The Maine Shellfish Learning Network (MSLN) is focuses on building relationships and improving communication between many different participants within Maine and Wabanaki wild clam and mussel fisheries. These communities face a host of pressing issues, including a steady decline in shellfish landings, increases and changes predation, climate change, water quality, social bias, and limited civic capacity for managing the resource.
Harvesters, towns, and community groups across the coast are working to advance solutions to these issues. More than twenty-five coastal communities are installing nets to protect juvenile clams from predators, using citizen science and tidal monitoring to understand factors influencing pollution circulation, working to grow the quahog fishery, conducting applied science to understand clam recruitment patterns, and more. To help facilitate and support these efforts the MSLN has sought to support and strengthen communication by holding formal and informal scoping sessions to better understand people’s perspectives about challenges in the soft shell clamming industry, needs for local-level shellfish project implementation, and to create learning opportunities for cross-scale coordination and adaptation. The learning network has created new spaces for collaboration, which can have a variety of positive impacts on the overall sustainability and adaptive capacity of the Maine soft-shell clamming industry.
The MSLN Team
Dr. Bridie McGreavy is an Associate Professor of Environmental Communication in the Department of Communication and Journalism at the University of Maine. McGreavy is also a Faculty Fellow in the Senator George J. Mitchell Center for Sustainability Solutions. She studies how communication shapes sustainability and justice efforts in coastal shellfishing communities, river restoration and freshwater conservation initiatives, and diverse collaborations to address complex problems. Her work has been published in an interdisciplinary set of journals including Environmental Communication, Ecology and Society, Frontiers in Ecology and the Environment, and Philosophy & Rhetoric. McGreavy currently serves as President of the National Communication Association’s Environmental Communication Division, an interest group of the largest professional organization focused on communication in the United States. She is also a lead investigator on a National Science Foundation-funded (NSF) project to study and support decision making about the future of dams in New England as well as an National Research Traineeship (NRT) to support conservation leadership. She teaches courses in environmental communication, communication research methods, rhetorical theory and method, and sustainability science. She received a Ph.D. in Communication from the Department of Communication and Journalism at UMaine in 2013.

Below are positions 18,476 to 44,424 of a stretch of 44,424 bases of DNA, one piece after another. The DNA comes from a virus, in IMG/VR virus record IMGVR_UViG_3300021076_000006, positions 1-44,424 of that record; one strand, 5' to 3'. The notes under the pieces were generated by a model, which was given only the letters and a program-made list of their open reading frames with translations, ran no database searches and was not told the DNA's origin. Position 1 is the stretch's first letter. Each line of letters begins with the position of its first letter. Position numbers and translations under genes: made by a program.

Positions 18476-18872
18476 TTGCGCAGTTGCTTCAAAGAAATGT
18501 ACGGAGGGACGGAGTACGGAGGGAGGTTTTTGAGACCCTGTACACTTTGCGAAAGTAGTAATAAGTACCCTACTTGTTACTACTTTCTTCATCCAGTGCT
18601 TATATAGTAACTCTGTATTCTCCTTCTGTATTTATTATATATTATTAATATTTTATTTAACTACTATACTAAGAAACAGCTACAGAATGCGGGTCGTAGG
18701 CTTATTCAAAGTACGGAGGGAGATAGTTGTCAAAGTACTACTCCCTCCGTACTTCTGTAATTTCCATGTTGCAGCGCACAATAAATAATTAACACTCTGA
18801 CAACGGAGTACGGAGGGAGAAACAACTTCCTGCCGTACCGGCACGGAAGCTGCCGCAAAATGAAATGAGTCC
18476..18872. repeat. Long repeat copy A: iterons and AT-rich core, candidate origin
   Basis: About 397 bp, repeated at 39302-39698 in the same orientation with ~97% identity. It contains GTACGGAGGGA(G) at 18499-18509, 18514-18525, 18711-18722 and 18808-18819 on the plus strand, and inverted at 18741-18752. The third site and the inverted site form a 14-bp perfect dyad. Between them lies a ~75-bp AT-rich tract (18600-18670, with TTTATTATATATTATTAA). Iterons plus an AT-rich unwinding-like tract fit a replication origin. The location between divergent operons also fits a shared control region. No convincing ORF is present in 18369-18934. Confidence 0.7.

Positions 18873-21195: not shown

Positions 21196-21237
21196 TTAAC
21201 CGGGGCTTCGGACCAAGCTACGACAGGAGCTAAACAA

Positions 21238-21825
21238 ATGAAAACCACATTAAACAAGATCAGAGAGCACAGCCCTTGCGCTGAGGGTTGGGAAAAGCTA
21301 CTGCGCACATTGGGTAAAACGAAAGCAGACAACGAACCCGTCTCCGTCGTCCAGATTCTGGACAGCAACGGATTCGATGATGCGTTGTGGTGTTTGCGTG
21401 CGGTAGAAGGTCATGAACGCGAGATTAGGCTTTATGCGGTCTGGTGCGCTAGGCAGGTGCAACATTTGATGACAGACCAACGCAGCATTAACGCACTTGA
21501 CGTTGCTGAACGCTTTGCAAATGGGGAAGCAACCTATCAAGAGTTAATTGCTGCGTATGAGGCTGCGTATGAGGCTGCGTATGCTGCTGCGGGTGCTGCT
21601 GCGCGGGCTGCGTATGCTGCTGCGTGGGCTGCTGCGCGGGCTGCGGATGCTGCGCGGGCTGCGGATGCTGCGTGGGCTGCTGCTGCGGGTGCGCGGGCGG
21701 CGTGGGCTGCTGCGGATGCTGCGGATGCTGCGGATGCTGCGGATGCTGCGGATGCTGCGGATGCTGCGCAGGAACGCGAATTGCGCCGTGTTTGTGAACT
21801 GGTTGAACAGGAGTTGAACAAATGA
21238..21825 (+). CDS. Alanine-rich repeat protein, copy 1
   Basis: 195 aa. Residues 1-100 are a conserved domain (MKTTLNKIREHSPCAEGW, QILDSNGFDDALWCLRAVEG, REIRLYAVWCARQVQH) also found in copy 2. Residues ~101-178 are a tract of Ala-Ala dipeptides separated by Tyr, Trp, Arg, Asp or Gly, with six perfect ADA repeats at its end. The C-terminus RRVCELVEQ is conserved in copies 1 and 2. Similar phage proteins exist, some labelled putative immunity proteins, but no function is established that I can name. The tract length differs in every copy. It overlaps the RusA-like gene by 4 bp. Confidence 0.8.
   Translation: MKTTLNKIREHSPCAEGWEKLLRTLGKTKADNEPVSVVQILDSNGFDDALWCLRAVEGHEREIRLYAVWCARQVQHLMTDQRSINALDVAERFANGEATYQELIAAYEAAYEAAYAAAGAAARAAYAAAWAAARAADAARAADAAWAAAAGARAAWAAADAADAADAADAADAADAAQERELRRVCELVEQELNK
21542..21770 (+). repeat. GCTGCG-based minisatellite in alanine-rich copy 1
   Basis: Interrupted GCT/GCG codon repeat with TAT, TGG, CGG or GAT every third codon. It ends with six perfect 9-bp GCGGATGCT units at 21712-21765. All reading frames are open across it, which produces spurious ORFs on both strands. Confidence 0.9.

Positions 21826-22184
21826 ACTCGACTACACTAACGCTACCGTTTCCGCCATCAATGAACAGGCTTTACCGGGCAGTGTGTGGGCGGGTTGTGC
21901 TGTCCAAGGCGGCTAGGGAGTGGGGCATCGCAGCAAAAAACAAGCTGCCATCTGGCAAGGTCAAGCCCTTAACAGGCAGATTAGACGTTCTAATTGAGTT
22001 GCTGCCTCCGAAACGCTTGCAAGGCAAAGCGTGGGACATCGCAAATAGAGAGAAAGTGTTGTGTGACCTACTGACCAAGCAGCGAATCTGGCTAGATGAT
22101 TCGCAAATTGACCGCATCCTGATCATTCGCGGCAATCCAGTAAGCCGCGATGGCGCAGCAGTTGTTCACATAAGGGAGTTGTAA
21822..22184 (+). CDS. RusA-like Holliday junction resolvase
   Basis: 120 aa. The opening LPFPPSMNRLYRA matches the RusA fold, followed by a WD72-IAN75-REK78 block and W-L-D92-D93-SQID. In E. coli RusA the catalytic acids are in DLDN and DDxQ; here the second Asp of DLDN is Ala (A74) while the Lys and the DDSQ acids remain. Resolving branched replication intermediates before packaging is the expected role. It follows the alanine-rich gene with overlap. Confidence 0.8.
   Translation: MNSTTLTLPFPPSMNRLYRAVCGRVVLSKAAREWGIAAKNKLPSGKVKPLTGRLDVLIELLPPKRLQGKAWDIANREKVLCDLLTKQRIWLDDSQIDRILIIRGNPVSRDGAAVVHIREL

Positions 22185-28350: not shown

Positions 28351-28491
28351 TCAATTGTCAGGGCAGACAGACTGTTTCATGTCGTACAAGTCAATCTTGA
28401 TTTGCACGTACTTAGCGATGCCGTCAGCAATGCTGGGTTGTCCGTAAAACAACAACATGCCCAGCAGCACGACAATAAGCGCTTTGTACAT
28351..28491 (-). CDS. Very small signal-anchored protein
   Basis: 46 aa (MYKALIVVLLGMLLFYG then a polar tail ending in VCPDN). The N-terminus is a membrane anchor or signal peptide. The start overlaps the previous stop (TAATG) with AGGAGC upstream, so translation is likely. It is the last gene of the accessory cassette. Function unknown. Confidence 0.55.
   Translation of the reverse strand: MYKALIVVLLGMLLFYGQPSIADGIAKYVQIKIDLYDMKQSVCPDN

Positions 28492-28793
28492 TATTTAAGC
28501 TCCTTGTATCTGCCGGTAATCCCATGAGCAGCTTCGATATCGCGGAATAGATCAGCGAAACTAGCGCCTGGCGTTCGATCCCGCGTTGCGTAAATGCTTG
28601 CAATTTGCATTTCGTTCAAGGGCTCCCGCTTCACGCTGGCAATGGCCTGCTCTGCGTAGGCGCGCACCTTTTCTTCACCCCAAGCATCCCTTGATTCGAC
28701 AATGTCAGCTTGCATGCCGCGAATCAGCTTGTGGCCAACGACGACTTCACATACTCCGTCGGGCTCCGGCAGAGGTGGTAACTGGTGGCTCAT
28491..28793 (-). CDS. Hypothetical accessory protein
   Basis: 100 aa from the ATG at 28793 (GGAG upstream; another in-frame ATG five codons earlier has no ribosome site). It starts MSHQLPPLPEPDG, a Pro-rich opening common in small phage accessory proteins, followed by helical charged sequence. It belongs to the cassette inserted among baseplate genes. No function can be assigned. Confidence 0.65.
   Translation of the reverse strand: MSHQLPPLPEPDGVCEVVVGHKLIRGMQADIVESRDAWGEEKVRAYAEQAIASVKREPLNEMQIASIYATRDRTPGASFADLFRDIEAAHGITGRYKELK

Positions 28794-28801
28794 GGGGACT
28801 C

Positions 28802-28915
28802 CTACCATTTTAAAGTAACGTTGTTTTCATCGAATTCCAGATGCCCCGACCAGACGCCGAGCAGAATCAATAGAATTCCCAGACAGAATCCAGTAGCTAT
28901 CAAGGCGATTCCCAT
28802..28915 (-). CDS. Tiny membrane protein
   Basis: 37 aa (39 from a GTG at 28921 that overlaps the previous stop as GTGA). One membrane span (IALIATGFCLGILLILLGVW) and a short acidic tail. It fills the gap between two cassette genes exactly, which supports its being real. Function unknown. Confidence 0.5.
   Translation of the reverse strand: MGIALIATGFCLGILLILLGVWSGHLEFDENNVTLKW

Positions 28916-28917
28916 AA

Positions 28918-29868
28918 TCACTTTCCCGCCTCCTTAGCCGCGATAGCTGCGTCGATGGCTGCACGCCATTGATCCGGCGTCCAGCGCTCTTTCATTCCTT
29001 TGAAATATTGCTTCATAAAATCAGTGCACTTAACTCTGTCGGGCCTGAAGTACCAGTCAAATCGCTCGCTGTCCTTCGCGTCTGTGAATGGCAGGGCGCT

Dr. Anthony Sutton is the Community Food Facilitator for the MSLN. He recently completed his Ph.D. in Ecology and Environmental Sciences at the University of Maine where he focused on Wabanaki food systems. This focus required understanding how community involvement and feedback can shape research to support robust fisheries and healthy communities. He sees a natural extension of his work with the MSLN due to Maine’s local approach to shellfish management. Sutton’s role with the MSLN supports a broad range of identities as shellfish provides economic opportunities and ways to feed Mainers.
Gabrielle Hillyer is the Project Coordinator of the MSLN, and a Ph.D. student in the School of Ecology and Environmental Sciences in the National Research Traineeship Program at the University of Maine Orono. Her focus is on the multiple levels of coastal resilience and engaged research, specifically understanding how science can be better communicated to encourage local management changes. Her work spans multiple sectors of the shellfish industry, including presenting at Shellfish Focus Day, working with bucket drifters to help understand water quality issues in Waldoboro, ME and Thomaston, ME, and maintaining a presence at the Shellfish Advisory Council Meetings. She received Master’s of Science for Marine Policy and Oceanography at UMaine in 2019.
We regularly work with graduate and undergraduate students who contribute to network efforts focused on shellfishing. Meet some of the current and past members of our student team:
Victoria Currie is the Undergraduate Research Assistant under Dr. Bridie McGreavy and Gabrielle Hillyer. Victoria began her position in January where she collaborates on projects and presentations for the MSLN. Originally from Merrimack, New Hampshire, Victoria came to UMaine to study Communication and Marketing. While at the University of Maine Victoria found a passion for sustainability and water quality. Post Graduation Victoria hopes to work in a job that allows her to combine her passion of creating engaging communication of water sustainability and marketing.